When I started reading Mink River, my first thought was Oh, God, Brian Doyle is one of those writers who thinks he's too artistic for punctuation. I'm the first to admit that I'm a grammar snob, but I generally can't stand that style of writing, particularly the lack of quotation marks for dialogue. I don't find it edgy or unique, just frustrating and difficult to read.

But I kept reading and found a beautiful story about the small town of Neawanaka, Oregon, along the Mink River. Neawanaka is filled with unique, fascinating characters, who feel real and believable despite elements of what I think might be magical realism. (I've never actually read any, not even Gabriel Garcia Marquez, though I keep meaning to remedy this obvious deficiency in my reading experience.) I don't know how to describe the story, though, because the many subplots weren't nearly as important as the way the characters all fit together to create the life of the town. I guess the best thing I can do is to describe some of the characters.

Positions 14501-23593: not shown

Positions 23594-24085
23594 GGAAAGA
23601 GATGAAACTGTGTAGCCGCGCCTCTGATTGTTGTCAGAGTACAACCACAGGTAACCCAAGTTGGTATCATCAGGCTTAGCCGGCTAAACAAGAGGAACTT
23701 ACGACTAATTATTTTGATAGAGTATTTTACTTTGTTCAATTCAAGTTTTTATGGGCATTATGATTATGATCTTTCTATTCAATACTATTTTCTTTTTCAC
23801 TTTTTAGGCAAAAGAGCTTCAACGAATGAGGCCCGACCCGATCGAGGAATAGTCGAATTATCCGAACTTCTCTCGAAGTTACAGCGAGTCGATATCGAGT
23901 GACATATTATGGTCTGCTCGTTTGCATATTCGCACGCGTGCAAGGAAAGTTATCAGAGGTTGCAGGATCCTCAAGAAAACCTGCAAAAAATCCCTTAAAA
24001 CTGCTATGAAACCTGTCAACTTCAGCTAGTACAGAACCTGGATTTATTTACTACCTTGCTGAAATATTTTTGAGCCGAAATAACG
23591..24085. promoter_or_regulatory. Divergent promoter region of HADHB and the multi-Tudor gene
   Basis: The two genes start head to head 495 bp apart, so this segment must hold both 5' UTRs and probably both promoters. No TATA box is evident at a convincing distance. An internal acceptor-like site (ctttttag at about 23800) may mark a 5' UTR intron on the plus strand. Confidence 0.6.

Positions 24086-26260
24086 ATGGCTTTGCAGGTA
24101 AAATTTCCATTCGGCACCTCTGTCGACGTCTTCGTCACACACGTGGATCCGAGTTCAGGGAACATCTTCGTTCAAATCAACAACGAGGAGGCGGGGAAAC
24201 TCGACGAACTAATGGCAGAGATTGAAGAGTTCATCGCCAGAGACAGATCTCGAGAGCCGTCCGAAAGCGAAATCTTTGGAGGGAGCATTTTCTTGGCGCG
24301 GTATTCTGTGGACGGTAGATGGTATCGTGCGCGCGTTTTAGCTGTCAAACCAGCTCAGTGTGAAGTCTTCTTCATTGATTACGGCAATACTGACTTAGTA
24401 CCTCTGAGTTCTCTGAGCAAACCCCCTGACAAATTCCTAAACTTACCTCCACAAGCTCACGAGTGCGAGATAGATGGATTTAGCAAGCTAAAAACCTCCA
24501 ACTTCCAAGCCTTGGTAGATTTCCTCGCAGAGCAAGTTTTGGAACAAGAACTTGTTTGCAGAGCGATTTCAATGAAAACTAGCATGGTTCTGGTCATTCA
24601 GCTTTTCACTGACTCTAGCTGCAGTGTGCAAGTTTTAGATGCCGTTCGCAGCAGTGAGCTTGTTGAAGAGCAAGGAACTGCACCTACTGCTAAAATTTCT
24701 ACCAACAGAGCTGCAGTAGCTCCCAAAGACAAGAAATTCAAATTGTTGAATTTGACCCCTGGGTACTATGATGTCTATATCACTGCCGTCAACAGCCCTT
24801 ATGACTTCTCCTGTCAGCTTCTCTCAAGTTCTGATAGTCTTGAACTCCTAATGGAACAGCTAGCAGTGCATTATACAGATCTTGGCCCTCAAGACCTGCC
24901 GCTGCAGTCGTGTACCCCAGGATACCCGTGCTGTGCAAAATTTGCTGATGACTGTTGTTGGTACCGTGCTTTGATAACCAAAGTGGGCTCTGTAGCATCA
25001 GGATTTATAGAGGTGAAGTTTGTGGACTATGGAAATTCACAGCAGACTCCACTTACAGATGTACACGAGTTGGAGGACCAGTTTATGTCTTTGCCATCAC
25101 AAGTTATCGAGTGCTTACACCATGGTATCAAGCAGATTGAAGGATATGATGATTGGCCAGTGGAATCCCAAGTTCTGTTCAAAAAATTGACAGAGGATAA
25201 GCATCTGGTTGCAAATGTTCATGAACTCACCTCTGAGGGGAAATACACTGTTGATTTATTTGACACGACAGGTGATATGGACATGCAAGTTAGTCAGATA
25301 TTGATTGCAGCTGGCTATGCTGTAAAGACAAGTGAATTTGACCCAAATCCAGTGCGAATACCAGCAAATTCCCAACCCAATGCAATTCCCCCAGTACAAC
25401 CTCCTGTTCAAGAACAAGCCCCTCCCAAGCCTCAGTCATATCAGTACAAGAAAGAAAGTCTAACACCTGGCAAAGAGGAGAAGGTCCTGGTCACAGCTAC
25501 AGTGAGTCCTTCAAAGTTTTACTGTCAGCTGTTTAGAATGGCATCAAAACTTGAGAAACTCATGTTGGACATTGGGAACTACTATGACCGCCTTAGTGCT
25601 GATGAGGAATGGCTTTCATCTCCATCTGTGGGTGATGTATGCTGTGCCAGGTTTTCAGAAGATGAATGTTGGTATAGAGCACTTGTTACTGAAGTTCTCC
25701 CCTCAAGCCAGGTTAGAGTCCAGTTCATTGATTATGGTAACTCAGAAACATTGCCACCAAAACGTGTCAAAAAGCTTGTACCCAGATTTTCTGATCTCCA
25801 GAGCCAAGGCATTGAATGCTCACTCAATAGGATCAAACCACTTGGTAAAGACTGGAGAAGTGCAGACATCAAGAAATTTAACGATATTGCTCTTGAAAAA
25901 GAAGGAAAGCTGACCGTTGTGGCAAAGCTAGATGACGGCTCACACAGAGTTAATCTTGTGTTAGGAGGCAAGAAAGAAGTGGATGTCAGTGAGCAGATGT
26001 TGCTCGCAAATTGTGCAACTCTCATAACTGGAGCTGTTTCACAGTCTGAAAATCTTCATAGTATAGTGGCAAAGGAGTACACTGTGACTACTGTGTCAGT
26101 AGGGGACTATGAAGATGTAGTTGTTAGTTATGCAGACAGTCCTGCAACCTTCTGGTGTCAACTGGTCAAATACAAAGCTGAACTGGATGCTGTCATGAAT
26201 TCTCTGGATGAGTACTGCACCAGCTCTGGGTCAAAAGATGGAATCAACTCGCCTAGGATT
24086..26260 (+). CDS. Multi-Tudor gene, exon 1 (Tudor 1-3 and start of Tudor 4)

Worried Man and Cedar run the Department of Public Works and consider their mission to be anything and everything that can benefit the town and its residents, including an oral history project, rescuing abused children, and community picnics. Worried Man's wife, Maple Head, teaches sixth grade and and is writing a comprehensive history of the town. Their daughter, No Horses, is a wood sculptor battling depression. Her husband, Owen, repairs anything and everything, working alongside a talking - and thinking - crow named Moses. Their 12-year-old son Daniel dreams of being a professional bicyclist. The teenage and early 20s O Donnell children struggle with their angry father in the wake of their mother's abandonment. Michael the cop patrols the streets of Neawanaka obsessively listening to Puccini's Tosca. And the doctor, whose name we never learn, treats patients in his house overlooking the sea and studies the Acts of the Apostles, smoking one cigarette per apostle each day. And there are many more.

About halfway through, I realized that I liked Mink River not just because of its characters, but because it made me think in a stream of consciousness, in a stream of small details. And I can see how normal punctuation might have changed that. So as much as I generally dislike this writing style (and I maintain that quotation marks would have been nice), I think the book works just the way it is. I'm happy that I stuck with it.
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